Therefore, the MO cannot exist separately from the nation; and not only because it is intended for the ordinary citizen rather than the expert. It has been mentioned on many occasions that the museum is a gift to the country from the patrons, but the question of its institutional maintenance remains open. The overall cost, according to Butkus, is around 600,000 euros a year. Financial plans have been drawn up to attract the funds, and much hope is being put into the museum’s managerial resources, but the hypothetical sources of income mentioned by the owners are not guaranteed. This beautiful initiative is ready to be ‘given to Lithuania’, but first and foremost it requires a solid commitment from the state. And politicians have refused the gift. Butkienė said: ‘We offered to give the museum to the country, or the city, as a gift, but there is currently nobody to give it to, really,’ as ‘everyone clearly understands that once it’s been accepted, it will have to be taken care of.’ 
Viktoras Butkus once talked about the really good art in Lithuania, and yet the potential international public simply does not know about it, and neither do ‘ordinary’ citizens. Hence, one of the most important tasks for the MO is to symbolically legitimise and popularise the art collected by spinning it out and spreading it broadly. This is a very difficult task, because the value of art in today’s (post)capitalist world is determined not by the emotional principle of ‘(not-)liking’ (although for the regular viewer, such recognition is, of course, important), but by the art market. And works by Lithuanian artists are not currently circulating round international art epicentres at all. Thoughts inadvertently lead to the Soviet era again. Most of the works in the MO collection were conceived at a time when Lithuanian society was very insular, or just as it was beginning to escape the mind trap. Thus, unlike the great names of the world, paintings, graphics and sculptural objects by Lithuanian artists are not popular in the open and long-globalised art world. Local artefacts from more recent times are being sold at fairs or through narrower channels, although works from the previous decades are hardly an enticement in auctions abroad. Therefore, despite a few cases that have long been known to Lithuanian art critics , the Lithuanian golden funds have not yet been validated by hard currency.
It is still difficult to speculate on the popularisation of Lithuanian art in a wider, maybe regional, context. Neither chronological starting points nor the artists’ place in history can be set permanently: prevailing hierarchies tend to be readjusted unexpectedly. One such case is the emergence of the MO, which in a way illustrates Butkus’ playful reasoning about investment and ‘outvestment’ (his own term). Naturally, collecting symbolic capital disables the cold rationality in concepts such as ‘price’ or ‘return on investment’. Debt is another paradoxical term, which describes patronage in a (non)financial way. We have definitely heard of the sensible rich turning their private collections into a public good, in this way giving back to the society that produced them. Thus, rhetorically, the focus can be put either on the wider world, or in a different direction. For example, the TARTLE Lithuanian Art Centre, the initiative of Rolandas Valiūnas, another prosperous collector, opened (although not completely to the public) in Užupis at the end of last summer, and declared its intention to bring cultural values back to this country (the centre aims to collect and bring back scattered historic and little-known works by Lithuanians from abroad). In spite of the different objectives and relationships with viewers, and even state structures, as was mentioned before, the only way the long-term success and status of works of art can be guaranteed is for authoritative arbiters to grant these to them.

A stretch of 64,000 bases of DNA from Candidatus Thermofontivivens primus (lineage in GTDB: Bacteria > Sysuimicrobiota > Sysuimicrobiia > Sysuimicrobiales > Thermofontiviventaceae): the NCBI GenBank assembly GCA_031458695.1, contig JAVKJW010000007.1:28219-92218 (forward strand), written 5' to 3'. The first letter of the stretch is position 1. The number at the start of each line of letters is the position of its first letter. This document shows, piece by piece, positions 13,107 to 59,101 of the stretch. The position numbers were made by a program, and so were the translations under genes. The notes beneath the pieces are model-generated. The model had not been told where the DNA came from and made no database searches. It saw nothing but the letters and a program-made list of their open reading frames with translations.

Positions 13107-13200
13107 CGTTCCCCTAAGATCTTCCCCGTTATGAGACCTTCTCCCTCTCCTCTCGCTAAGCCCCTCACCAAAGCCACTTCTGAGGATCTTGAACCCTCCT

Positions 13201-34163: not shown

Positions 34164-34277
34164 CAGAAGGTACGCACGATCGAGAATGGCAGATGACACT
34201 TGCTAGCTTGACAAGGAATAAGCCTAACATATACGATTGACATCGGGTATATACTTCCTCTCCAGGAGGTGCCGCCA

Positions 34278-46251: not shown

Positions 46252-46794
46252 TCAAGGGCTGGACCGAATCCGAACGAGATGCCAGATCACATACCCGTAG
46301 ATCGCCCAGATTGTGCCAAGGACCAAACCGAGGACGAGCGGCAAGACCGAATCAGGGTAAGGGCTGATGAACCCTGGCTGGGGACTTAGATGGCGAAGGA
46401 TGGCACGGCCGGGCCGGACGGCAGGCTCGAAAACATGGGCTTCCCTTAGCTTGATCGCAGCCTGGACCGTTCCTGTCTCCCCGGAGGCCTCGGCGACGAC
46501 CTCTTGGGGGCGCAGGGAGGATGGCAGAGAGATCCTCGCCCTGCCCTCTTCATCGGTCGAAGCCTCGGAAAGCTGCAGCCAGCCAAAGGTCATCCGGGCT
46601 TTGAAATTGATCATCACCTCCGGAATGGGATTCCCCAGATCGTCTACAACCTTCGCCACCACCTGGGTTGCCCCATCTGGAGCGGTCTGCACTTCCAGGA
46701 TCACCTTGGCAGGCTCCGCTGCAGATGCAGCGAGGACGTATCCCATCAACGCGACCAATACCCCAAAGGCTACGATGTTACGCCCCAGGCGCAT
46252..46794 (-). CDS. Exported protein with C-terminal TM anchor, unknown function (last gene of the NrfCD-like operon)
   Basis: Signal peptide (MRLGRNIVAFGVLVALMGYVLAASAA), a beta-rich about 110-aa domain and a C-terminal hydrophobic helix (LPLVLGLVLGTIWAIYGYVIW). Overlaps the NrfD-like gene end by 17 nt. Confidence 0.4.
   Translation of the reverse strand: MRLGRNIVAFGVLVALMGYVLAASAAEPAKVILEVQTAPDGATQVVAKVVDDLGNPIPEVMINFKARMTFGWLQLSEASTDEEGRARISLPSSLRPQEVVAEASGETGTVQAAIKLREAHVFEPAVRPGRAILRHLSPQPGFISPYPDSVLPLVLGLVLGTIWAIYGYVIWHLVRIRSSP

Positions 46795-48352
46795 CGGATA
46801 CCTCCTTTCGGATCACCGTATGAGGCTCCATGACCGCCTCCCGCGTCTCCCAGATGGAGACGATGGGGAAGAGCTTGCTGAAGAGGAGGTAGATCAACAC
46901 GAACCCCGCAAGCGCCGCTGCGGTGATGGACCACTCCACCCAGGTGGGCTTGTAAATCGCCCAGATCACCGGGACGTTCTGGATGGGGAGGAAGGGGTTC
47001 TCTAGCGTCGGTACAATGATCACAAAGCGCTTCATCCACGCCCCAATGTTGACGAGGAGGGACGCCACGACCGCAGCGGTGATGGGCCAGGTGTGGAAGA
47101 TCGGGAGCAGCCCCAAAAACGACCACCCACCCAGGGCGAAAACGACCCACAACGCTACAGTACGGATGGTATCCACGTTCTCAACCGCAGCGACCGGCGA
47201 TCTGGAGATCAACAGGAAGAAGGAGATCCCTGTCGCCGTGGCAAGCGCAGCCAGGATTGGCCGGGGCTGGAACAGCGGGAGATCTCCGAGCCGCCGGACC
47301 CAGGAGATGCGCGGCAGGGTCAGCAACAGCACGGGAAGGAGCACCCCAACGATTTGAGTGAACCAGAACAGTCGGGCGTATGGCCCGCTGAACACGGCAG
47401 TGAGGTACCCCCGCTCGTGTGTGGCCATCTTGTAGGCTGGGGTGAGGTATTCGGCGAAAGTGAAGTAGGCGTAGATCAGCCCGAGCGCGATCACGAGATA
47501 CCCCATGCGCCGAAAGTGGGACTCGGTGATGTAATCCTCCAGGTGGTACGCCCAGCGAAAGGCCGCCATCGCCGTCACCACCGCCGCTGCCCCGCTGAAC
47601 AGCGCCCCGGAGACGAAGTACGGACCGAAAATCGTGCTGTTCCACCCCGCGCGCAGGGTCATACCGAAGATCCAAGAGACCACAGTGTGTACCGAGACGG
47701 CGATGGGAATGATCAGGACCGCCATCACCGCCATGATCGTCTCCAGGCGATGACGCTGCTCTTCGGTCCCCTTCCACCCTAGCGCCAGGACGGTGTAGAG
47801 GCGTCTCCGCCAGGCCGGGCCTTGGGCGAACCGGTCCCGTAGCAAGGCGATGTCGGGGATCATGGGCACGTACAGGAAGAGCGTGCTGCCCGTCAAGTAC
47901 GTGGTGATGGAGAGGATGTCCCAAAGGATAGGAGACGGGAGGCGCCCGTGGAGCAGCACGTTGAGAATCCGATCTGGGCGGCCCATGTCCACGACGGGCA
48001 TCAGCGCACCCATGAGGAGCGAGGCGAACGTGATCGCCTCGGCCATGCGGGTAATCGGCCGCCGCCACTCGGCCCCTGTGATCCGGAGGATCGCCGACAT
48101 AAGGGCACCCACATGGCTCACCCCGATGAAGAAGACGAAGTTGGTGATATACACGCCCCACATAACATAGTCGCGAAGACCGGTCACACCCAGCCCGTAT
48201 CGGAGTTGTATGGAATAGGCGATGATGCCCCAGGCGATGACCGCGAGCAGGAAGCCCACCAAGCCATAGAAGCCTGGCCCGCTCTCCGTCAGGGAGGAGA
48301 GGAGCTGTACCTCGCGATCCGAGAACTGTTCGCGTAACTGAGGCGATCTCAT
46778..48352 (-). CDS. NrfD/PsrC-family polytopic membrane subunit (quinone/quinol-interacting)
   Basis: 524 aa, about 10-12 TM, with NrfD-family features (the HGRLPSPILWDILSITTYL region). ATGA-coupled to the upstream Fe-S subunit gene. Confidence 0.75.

Perhaps the timely challenge by private institutions to the country’s politicians, and to Lithuania’s new rich, will stimulate unexpected educational measures? Or maybe it will impel artists who have yet to make their way on the global art market to do more and make more? Either way, an important shift has already happened in our cultural life. I am not talking about new artistic expression or new broadening critical horizons, but about another step towards a ‘normal’ society. In cultural planning literature, we can find, and sometimes with some irony, that every self-respecting city must have great restaurants, fashionable shops, and a close-to-central artistic district (this advice is clearly very valid, as we see many attempts to present Vilnius’ Užupis district, not without making one smile, as the new Montmartre). We have to admit that today Lithuania’s capital is represented by almost all these ingredients: the Contemporary Art Centre, the National Gallery of Art, galleries appearing more and more often at foreign art fairs, and now the libeskindian museum, whose MoMA-like logo will easily be recognised by anyone who is at least minimally acquainted with modern art. Let us hope that this city does not lack cultural tourists, and that the public becomes increasingly eager to learn.
 Marijus Gailius, ‘Mano MO, mano’, Literatūra ir menas, 2018 10 26. (‘My MO, Mine’ in ‘Literature and Art’ magazine, 2018 10 26).
 ‘MO muziejaus įkūrėjas V.Butkus: su D.Libeskindu susitarėme per 3 sekundes’, www.lrt..lt, 2018 10 18 (‘MO Museum founder V. Butkus: we made an agreement with D. Liebeskind in three seconds’, www.lrt..lt, 2018 10 18).
 Kęstutis Šapoka, ‘Prieš startą. Pokalbis su viena iš MO muziejaus įkūrėjų Danguole Butkiene’, Kultūros barai, 2018 nr.9. (‘Before the Start. A conversation with one of MO’s founders, Danguolė Butkienė’ in ‘Bars of Culture’, 2018 No 9).
 One of the most important collections of Soviet art abroad is at Rutgers University’s Zimmerli Art Museum in the USA. Norton and Nancy Dodge gave the museum their nonconformist art collection in 1991.